Songs From The Shipyards is not a silent film. It’s a documentary composed of archive film, some of which has soundtrack, and some not. I assume all of it originally had soundtrack, even if voice over. There are places where The Unthanks provide the live music, places where the film takes over with dialogue or interview or recorded music or folk song, and places where the film stops to allow The Unthanks to complete a song. It’s subtle, beautifully timed. Sometimes the sound from the film continues during and under the song (boats moving, a dog barking).
The band perform dressed in black, simple and weak light on their faces as individuals take centre stage. They’re on the auditorium floor below the screen. The evening begins with three audio only tracks, spoken voice immediately quelling the conversation. As in all classic film evenings, an animated short starts the show. This one is to the recording of The Unthanks Last. The short is black and white with one touch of colour … something silent film often did with hand-tinting. the classic being when the red flag opens on the Battleship Potemkin. It’s poignant and sad.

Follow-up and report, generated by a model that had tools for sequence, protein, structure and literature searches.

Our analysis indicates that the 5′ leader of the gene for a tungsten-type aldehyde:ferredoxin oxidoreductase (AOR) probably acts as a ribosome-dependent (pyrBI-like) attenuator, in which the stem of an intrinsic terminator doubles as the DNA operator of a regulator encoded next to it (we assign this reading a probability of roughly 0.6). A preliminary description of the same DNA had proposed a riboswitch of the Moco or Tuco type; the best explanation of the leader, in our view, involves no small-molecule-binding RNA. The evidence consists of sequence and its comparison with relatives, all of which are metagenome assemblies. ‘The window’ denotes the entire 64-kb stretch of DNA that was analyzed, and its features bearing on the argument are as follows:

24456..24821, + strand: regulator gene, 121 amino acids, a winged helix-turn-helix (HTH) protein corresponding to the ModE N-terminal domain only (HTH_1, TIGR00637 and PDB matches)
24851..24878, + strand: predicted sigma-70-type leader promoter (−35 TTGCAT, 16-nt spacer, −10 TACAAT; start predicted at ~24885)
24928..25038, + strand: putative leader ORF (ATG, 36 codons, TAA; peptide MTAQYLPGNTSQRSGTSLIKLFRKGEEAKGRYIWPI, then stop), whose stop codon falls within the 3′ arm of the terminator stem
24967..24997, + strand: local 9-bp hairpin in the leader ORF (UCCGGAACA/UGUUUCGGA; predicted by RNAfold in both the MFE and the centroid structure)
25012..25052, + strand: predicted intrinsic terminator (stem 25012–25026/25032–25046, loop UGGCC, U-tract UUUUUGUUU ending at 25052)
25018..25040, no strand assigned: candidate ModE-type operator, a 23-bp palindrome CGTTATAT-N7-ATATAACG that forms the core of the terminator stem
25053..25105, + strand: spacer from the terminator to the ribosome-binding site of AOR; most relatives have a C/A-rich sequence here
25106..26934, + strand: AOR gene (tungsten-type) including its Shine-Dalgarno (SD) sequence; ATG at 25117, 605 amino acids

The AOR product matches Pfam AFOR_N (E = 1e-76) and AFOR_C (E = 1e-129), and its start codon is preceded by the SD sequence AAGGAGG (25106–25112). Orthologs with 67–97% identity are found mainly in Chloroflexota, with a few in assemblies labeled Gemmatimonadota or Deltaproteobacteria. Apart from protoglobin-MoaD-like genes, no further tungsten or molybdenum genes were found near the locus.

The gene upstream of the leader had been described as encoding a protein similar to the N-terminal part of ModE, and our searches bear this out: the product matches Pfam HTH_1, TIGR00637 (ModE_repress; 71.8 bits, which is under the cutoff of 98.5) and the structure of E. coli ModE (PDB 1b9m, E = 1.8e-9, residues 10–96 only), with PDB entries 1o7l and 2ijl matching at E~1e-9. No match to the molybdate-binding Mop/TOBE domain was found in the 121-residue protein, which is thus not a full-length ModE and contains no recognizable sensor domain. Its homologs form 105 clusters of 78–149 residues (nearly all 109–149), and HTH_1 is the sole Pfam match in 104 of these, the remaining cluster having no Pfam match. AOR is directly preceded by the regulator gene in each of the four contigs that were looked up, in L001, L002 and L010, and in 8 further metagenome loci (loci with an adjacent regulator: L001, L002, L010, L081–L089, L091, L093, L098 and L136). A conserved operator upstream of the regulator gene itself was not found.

The band come on and the film begins. The archive footage from only 60 or 70 years ago is so distant from now. The songs are pure and melodic. The film takes us through the pride and glory of Tyne shipbuilding, and through World War II to the big tankers of the 60s. Then comes Thatcher and the Falklands War. I’d never seen the terrifying detailed film of the British navy ships hit by Exocet missiles before, this blends into the destruction of the shipyards themselves, and we see the community from the shipyards in a series of B&W stills. The war footage is strangely reminiscent of late 60s / early 70s lightshows … I remember seeing ones projected in Britain and Germany which intercut Vietnam War footage with improbable very close up porn … we were spared the latter. In those light shows of the past, the war footage was an excuse for a screaming guitar solo with feedback, perhaps the guitarist thinking he (it was always he) would replicate the chaos. Here the war footage was accompanied by gentle, sad reflective music to far greater effect.